The Post Office had not seen better days.

The green frame that surrounded it’s cracked yellow window had peeled to the point that only a few chips of green wood still clung on. The flower beds that hung from the window had long since dried out. The stained white plastic containers which at no time been home to tended petunias, had themselves become just another receptacle for cigarette butts and stale cracked soil.

From inside, the large front window of The Post Office was obscured by a faded beige curtain that depicted a thin strip of cartoon silhouettes. The silhouettes were of cowboys on horseback chasing Indians in repeating succession from its one end to its equally ragged other. One might ask themselves who was chasing who, because the silhouettes started with a Cowboy and ended with an identical Cowboy on the other end. Perhaps the Cowboys and Indians were finally working together. The walls inside The Post Office were of a similar shade to the wooden framing on the outside. They had somehow managed to retain a semblance of their once green past, but gave no indication that the colour chosen had ever been a point of pride with any owner. The light inside came from the solitary mounted ceiling fan. The blades of the fan had been removed but the metal brackets that had once held the wooden blades still spun in their absence whenever the light was switched on. The faux-wood laminate countertop stretched from one wall to the other. A small passageway allowed for an employee to lift a piece of the countertop which had been fastened to hinges and allow entry behind the counter. The piece of countertop had long since been removed but the hinges remained and still caught on a loose sleeve now and again.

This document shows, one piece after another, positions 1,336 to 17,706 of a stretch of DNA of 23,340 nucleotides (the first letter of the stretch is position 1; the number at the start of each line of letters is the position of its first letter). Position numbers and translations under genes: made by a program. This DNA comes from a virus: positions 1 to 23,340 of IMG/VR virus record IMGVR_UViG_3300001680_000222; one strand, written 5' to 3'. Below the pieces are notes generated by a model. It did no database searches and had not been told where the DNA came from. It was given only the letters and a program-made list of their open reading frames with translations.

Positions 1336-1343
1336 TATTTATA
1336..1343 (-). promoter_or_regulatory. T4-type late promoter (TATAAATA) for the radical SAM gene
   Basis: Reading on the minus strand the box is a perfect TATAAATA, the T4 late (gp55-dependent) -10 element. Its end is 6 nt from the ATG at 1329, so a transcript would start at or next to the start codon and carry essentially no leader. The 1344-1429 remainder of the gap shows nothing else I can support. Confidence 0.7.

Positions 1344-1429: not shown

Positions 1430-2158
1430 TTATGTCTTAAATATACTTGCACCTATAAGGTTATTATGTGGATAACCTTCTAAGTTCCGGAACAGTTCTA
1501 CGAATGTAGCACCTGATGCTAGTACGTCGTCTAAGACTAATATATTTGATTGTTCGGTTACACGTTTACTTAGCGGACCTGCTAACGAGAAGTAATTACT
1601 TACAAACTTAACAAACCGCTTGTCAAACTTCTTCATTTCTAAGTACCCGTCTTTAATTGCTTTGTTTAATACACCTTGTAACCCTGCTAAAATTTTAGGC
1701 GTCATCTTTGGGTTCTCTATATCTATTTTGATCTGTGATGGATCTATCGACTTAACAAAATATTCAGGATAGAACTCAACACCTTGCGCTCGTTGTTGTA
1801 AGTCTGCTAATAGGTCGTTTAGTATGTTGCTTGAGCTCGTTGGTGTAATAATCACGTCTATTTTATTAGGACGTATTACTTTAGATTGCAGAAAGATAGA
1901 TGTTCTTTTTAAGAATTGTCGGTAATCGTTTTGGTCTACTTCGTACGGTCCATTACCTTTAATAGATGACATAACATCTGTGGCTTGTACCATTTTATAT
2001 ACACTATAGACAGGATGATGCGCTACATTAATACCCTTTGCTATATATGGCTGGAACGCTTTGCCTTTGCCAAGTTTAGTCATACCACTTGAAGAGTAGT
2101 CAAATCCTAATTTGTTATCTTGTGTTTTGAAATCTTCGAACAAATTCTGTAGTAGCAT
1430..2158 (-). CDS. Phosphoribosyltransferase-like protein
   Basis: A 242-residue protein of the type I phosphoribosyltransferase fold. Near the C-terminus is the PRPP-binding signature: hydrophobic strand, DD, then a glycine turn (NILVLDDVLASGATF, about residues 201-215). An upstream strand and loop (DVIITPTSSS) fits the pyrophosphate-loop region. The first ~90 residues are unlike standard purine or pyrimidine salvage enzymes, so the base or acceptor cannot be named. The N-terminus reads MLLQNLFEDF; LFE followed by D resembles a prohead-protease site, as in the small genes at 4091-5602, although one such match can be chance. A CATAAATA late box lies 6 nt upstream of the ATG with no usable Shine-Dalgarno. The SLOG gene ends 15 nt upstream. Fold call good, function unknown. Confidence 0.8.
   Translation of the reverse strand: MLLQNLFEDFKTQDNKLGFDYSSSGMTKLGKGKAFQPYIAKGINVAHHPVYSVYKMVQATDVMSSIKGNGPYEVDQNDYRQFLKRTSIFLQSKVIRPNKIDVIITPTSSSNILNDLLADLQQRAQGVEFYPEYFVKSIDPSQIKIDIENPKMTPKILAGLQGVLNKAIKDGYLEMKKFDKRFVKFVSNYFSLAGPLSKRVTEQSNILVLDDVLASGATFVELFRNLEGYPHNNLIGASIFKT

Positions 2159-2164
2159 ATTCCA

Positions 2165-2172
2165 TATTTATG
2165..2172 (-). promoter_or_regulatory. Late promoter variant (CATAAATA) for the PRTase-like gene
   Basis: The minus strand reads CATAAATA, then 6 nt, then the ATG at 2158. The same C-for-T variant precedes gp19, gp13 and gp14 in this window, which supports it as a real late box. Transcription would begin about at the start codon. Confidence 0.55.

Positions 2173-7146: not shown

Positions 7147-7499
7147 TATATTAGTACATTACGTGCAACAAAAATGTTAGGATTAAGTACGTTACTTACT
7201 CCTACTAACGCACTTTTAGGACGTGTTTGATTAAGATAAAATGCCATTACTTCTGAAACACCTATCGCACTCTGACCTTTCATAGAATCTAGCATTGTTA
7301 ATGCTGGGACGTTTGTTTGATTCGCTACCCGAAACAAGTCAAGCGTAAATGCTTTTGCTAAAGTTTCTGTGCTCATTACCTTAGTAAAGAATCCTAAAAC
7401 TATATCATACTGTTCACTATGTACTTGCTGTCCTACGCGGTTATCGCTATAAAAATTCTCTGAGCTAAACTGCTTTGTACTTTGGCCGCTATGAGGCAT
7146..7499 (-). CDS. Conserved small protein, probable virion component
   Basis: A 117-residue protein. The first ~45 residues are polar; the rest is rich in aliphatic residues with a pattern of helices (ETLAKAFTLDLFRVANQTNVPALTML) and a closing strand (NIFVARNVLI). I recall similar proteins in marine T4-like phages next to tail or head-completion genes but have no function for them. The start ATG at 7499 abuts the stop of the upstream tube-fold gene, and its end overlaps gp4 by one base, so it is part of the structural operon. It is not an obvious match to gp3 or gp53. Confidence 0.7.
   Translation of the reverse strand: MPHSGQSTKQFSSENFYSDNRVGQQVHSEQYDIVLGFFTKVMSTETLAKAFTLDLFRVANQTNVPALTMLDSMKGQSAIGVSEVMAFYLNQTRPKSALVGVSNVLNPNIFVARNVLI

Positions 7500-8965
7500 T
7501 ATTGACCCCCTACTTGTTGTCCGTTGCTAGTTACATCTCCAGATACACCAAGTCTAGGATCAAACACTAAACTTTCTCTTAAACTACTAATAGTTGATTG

The Post Office hadn’t actually been used as a Post Office since 1973 when Emmetsburg had decided to outsource all mail delivery duties to an updated facility several miles out of town. Not surprisingly, there was not much outrage on behalf of the residents who took any excuse to leave Emmetsburg, even for a few minutes; as a blessing  

Despite The Post Office not being sanctified as an officially registered franchise of The United States Postal Service, it’s sign had never been removed, even when my parents had decided that it would make a fitting home to raise a child in.